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Motley Movies: Source Code

by rdh-admin on April 16, 2011.


Hollywood’s latest chemistry experiment, “Source Code,” stars a wooden Jake Gyllenhaal, a hot chick who has nothing intelligent to say, and Dunkin Donuts as its sponsor. Directors, producers, writers of the world’s superpower, you’ve done it again.

The commercial dressed in movie’s clothing follows Colter Stevens, a military captain who finds himself strapped to a chair in a dystopian vessel out of “The Matrix.” His mission, should he choose to accept it — no actually he has no choice — is to reenter the past and identify a terrorist bomber.

An utterly flat amalgam of “Speed” and “Groundhog Day,” “Source Code” aims for a roller-coaster and hits the lazy river. In other words, regarding the aforementioned movies, “Source Code” lacks the intensity of the former and charm of the latter. Captain Stevens returns over and over to the same train to learn more and more about each passenger in hope of finding the bomber. Great concept. Every trip back a layer of character can be added to the ubiquitous passengers, right? Wrong.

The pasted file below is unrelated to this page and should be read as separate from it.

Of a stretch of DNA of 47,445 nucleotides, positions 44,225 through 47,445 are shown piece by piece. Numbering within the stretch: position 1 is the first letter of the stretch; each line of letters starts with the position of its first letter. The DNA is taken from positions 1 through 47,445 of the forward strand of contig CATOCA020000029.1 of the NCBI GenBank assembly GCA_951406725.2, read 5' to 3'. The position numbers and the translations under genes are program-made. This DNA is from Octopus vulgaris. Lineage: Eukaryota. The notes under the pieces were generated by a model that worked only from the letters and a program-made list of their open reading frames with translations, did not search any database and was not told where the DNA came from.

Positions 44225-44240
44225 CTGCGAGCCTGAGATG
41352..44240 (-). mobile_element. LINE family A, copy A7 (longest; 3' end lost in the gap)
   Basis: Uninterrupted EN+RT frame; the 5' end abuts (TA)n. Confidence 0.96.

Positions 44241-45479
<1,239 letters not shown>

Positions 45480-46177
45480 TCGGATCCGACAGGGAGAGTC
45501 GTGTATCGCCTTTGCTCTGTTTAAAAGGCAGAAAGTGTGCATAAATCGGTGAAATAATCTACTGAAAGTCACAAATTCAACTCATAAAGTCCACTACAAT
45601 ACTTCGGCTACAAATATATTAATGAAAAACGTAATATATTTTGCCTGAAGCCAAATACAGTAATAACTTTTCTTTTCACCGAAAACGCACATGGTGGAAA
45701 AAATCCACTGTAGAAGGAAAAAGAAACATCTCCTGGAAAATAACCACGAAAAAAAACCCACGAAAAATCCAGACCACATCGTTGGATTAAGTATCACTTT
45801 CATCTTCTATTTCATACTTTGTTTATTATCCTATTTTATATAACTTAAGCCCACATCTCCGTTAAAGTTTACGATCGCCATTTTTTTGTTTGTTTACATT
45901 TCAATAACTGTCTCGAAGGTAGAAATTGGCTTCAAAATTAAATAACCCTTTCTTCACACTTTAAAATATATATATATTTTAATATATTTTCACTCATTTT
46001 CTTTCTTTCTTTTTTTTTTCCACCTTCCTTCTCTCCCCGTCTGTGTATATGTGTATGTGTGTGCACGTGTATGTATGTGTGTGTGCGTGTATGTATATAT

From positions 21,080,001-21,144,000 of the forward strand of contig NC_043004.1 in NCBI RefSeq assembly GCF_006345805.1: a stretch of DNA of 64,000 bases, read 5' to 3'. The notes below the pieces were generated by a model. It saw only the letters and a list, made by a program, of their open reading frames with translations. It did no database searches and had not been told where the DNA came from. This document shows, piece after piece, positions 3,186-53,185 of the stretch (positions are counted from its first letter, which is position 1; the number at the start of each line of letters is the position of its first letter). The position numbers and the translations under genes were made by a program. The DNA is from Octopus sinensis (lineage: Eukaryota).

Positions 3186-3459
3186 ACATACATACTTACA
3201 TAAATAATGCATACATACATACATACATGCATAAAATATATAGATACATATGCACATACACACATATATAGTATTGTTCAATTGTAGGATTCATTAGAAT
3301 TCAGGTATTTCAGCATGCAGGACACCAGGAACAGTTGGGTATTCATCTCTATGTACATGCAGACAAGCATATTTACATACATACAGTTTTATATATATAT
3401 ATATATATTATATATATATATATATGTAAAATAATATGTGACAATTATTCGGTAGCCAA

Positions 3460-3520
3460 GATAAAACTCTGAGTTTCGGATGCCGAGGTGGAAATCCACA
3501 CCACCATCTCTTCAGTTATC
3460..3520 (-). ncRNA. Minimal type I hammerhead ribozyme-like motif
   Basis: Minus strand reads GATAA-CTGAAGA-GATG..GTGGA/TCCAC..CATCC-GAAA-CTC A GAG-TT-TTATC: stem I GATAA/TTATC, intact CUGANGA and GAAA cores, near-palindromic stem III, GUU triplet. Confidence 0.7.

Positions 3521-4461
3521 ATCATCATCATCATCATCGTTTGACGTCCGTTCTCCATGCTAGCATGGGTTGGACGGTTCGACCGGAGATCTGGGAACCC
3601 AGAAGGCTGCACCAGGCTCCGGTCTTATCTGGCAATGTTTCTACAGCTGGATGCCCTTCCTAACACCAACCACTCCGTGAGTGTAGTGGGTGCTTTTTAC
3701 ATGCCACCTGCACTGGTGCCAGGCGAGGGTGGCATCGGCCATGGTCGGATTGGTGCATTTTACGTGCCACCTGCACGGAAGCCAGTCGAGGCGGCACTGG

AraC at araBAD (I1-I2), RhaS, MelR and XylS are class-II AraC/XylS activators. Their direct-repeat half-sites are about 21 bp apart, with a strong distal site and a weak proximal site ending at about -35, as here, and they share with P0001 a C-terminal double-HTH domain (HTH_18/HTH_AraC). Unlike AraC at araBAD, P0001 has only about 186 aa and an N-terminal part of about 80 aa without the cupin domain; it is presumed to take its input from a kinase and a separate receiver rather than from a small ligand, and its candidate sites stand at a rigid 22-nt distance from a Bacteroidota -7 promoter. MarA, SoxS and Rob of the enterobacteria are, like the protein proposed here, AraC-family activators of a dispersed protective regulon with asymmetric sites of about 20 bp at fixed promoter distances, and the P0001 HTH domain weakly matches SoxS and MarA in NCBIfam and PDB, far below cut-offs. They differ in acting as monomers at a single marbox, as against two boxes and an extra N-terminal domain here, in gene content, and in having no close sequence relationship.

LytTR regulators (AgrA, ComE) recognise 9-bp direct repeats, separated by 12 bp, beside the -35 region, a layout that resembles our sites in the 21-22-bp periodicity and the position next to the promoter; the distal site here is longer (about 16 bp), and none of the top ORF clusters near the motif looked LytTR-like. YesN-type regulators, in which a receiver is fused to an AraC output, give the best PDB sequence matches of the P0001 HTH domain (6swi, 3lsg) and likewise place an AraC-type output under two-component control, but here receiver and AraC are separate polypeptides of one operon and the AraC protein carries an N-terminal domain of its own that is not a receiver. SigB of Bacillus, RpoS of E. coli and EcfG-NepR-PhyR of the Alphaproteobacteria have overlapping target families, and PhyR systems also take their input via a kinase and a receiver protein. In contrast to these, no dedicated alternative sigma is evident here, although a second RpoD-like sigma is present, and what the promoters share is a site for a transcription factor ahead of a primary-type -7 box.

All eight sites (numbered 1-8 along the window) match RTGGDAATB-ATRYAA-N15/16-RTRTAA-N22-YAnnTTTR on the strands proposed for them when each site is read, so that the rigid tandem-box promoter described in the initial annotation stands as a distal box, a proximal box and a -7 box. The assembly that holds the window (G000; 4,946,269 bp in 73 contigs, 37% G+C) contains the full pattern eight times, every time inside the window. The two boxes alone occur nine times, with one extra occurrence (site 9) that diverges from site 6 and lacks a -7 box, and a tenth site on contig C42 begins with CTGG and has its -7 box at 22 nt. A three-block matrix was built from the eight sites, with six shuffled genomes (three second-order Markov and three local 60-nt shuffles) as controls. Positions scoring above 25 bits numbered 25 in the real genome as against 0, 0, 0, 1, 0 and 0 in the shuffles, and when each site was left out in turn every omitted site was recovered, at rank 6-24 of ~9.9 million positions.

It would not be a complete film-polemic if I did not discuss how the film utterly fails in being politically and culturally relevant. Let’s start with the two things providing Captain Stevens with emotional drive. 1) The Stick in His Pants. We can’t call it love because he never really learns anything about Michelle Monaghan’s character other than she wants to go to grad school. Wake up! That doesn’t mean she is smart. That means her career is tanking and she’s trying to find a way to postpone the inevitable. 2) Him and his Daddy Got into a Fight. People are dying in the real world and you have the audacity to portray real life tragedies with Jake Gyllenhaal’s fake tears? While, yes, the film portrays certain government officials as cruel and exploitive, ultimately they are caricatures. No one outside of Captain Stevens has any external motivations.

Lastly, I want to say that I did omit the director’s name purposely because it’s clear to methat this film was made by a Dunkin Donuts CEO not Jo—-. Please, spend your money elsewhere. Buy a months worth of Netflix and watch Jean-Pierre Melville’s films on the Instant Queue.


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